STATE FARM'S HEAD ON A PLATTER
What Gulf Coast Congressman Gene Taylor wanted the Easter Bunny to bring him.
South Mississippi Living 4/07

Wednesday, August 29, 2007

What Katrina Taught Me

by Ana Maria

This day will live on in infamy. Two years ago, Katrina came ashore with her 135 plus miles per hour wind. For many of us here at Katrina’s ground zero, today marks the anniversary that the storm came ashore wiping out our homes, communities, and the lives of our loved ones. At the memorial celebration this morning, Waveland Mayor Tommy Longo stated succinctly what we want from the federal government. We want help getting to our knees. Once we get to our knees, we’ll be able to take it from there. Mayor Longo’s comment reflects one of the most common sentiments found inside Katrina Land.

We’re not a bitter people. Folks here who’ve been through hell over the last two years just want assistance to get to the kneeling position.

We’re a grateful people. At the ceremony in Waveland, Mississippi, Mayor Longo expressed eternal gratitude to the half a million volunteers who’ve helped put back together our towns.

We’re a people who persevere in the face of enormous odds. Why? Because this is home. The people who’ve been through those horrible tornadoes in Michigan or floods in Ohio will persevere for the same reason. Where they are is home.

Two years ago today, I woke up, left my home in San Jose, drove to work at the San Francisco Budget Analyst’s Office, and at some point in the day, I spoke with my mom who had been driven the day before from her home in Bay St. Louis, Miss., to my brother’s home in Georgia close to Chattanooga, Tenn. I felt good that she had left the house, but I really didn’t think any more about it. It was precautionary, and I—like so very many others—thought it would be all for naught. Two brothers remained at the house to ride out Katrina.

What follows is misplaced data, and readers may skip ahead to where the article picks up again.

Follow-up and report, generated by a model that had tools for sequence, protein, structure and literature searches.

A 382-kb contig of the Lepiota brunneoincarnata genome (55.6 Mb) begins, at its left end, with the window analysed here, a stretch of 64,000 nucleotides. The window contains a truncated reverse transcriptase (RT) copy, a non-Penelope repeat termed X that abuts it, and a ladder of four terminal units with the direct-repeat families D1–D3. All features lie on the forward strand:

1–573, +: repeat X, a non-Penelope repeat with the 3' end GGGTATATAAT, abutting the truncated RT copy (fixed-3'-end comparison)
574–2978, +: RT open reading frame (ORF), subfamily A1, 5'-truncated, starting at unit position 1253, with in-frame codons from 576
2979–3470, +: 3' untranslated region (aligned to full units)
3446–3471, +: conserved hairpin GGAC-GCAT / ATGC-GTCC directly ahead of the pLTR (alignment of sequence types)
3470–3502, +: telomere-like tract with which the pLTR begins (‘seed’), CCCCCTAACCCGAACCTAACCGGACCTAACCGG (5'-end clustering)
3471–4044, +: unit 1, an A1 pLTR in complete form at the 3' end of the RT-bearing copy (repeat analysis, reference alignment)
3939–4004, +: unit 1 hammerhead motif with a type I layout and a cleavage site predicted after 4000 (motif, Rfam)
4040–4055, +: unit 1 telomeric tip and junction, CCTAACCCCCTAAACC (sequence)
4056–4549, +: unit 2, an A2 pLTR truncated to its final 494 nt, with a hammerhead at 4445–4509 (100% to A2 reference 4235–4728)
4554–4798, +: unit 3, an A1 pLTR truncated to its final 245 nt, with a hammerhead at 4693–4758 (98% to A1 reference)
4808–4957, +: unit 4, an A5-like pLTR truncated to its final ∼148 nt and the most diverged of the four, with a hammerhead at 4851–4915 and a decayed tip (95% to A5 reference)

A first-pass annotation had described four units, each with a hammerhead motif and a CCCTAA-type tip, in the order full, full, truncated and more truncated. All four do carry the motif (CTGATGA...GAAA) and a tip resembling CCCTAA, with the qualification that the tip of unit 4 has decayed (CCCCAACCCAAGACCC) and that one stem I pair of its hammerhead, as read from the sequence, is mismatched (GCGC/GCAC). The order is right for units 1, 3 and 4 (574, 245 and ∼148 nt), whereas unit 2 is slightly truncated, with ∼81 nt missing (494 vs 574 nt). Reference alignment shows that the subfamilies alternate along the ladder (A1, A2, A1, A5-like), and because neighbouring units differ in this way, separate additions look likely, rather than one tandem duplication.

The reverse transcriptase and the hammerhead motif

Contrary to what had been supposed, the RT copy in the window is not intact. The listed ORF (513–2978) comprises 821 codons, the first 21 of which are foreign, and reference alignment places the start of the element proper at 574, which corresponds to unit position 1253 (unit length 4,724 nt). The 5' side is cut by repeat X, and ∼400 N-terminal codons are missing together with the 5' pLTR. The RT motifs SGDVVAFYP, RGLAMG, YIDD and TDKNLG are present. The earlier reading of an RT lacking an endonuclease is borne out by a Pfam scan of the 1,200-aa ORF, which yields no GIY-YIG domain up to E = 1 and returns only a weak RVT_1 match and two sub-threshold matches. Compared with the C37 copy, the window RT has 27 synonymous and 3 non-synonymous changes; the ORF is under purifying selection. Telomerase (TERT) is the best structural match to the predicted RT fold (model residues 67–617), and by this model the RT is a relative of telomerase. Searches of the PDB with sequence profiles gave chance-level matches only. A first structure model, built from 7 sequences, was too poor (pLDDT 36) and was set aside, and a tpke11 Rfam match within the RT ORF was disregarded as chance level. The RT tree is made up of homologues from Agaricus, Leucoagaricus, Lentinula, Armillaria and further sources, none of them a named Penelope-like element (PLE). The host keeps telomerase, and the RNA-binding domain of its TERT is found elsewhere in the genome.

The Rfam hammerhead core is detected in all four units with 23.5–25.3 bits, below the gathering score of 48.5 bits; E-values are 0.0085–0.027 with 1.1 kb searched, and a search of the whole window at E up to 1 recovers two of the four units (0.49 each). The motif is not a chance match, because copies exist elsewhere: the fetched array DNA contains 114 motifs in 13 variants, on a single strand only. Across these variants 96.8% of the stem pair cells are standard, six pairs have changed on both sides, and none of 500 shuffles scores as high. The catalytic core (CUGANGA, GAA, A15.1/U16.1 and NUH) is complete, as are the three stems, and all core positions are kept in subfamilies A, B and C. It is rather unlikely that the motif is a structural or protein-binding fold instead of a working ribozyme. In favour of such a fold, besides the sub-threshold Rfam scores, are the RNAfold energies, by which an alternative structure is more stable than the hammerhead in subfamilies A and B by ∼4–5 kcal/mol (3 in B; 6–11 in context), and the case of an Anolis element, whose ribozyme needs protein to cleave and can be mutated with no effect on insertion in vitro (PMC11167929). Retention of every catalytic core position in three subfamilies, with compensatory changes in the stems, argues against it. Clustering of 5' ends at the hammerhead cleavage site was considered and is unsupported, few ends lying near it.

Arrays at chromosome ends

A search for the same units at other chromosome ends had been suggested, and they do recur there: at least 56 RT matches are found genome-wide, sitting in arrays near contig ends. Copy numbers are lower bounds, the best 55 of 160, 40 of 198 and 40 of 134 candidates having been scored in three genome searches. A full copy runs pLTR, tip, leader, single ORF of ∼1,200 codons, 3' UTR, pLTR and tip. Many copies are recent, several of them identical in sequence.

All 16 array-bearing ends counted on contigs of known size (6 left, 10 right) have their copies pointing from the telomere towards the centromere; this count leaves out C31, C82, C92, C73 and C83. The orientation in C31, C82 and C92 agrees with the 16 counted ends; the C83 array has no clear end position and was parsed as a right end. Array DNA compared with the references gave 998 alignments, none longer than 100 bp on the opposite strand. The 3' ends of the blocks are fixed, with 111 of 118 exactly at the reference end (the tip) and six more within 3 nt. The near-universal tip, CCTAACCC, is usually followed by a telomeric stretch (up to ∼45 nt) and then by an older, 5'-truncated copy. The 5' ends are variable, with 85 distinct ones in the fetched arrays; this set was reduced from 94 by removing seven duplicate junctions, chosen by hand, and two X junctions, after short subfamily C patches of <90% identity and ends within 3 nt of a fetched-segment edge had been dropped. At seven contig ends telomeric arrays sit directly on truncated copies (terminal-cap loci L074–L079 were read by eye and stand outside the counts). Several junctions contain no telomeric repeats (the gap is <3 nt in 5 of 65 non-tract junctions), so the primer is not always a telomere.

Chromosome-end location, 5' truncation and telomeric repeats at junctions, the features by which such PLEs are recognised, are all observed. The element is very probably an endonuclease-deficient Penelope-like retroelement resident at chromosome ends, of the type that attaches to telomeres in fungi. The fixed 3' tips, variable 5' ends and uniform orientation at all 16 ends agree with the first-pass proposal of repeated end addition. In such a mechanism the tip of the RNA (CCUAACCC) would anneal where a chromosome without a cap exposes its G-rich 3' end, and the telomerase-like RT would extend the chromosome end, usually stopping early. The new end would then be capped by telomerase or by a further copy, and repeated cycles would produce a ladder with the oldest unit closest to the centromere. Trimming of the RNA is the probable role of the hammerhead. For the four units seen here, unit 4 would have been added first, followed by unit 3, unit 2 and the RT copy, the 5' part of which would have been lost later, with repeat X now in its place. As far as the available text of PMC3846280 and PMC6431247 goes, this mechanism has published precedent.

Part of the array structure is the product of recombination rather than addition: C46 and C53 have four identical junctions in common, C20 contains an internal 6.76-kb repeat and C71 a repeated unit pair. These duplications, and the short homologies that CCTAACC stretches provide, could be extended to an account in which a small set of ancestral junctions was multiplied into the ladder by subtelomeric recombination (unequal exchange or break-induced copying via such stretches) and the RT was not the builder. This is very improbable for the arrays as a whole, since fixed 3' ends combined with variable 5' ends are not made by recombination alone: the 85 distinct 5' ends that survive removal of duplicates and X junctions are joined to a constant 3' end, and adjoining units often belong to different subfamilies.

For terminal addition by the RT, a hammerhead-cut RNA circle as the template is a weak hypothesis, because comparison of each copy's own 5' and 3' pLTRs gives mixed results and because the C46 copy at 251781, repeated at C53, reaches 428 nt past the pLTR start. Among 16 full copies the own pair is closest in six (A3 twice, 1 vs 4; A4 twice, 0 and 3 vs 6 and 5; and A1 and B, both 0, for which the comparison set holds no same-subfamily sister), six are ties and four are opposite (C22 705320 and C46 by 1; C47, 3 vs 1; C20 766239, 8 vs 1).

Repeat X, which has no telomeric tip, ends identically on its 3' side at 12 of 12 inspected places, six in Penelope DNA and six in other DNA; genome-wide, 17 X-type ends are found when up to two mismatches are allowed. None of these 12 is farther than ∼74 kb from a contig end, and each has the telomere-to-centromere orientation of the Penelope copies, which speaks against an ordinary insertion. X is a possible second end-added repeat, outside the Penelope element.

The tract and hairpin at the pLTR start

The ensuing days, weeks, and months took on a life of their own that I—nor anyone that I know personally—could have envisioned.

I remember standing outside of the Fox Building in downtown San Francisco talking with my older brother in Georgia. When he told me that our home had taken in water, my heart sank, my stomach fell to the ground, and I was dizzy from the mere thought of it. In shock, I just stared blankly as I asked how about my Mom and then my two brothers who had witnessed the hurricane upfront and personal.

There I was some 2200 miles away safe inside major earthquake country living in Silicon Valley and working in the internationally renowned city of San Francisco an hour north. Beauty all around me. The hustle and bustle of life’s vibrancy. All I could think about was, well, I couldn’t think. I was in shock, and I wasn’t worth a damn the rest of the day.

I couldn’t imagine the nightmare that my brothers experienced as they witnessed the water rising into the house. I wanted to do something, but what?

For months after, the two brothers as well as everyone else dealt with dirt, dead bodies, pulling out carpet and getting rid of appliances as well as other damaged parts of the house. Not just my mom’s house, but also the homes of family and friends from New Orleans through the Gulf Coast. A nightmare. One long, hellacious, living nightmare.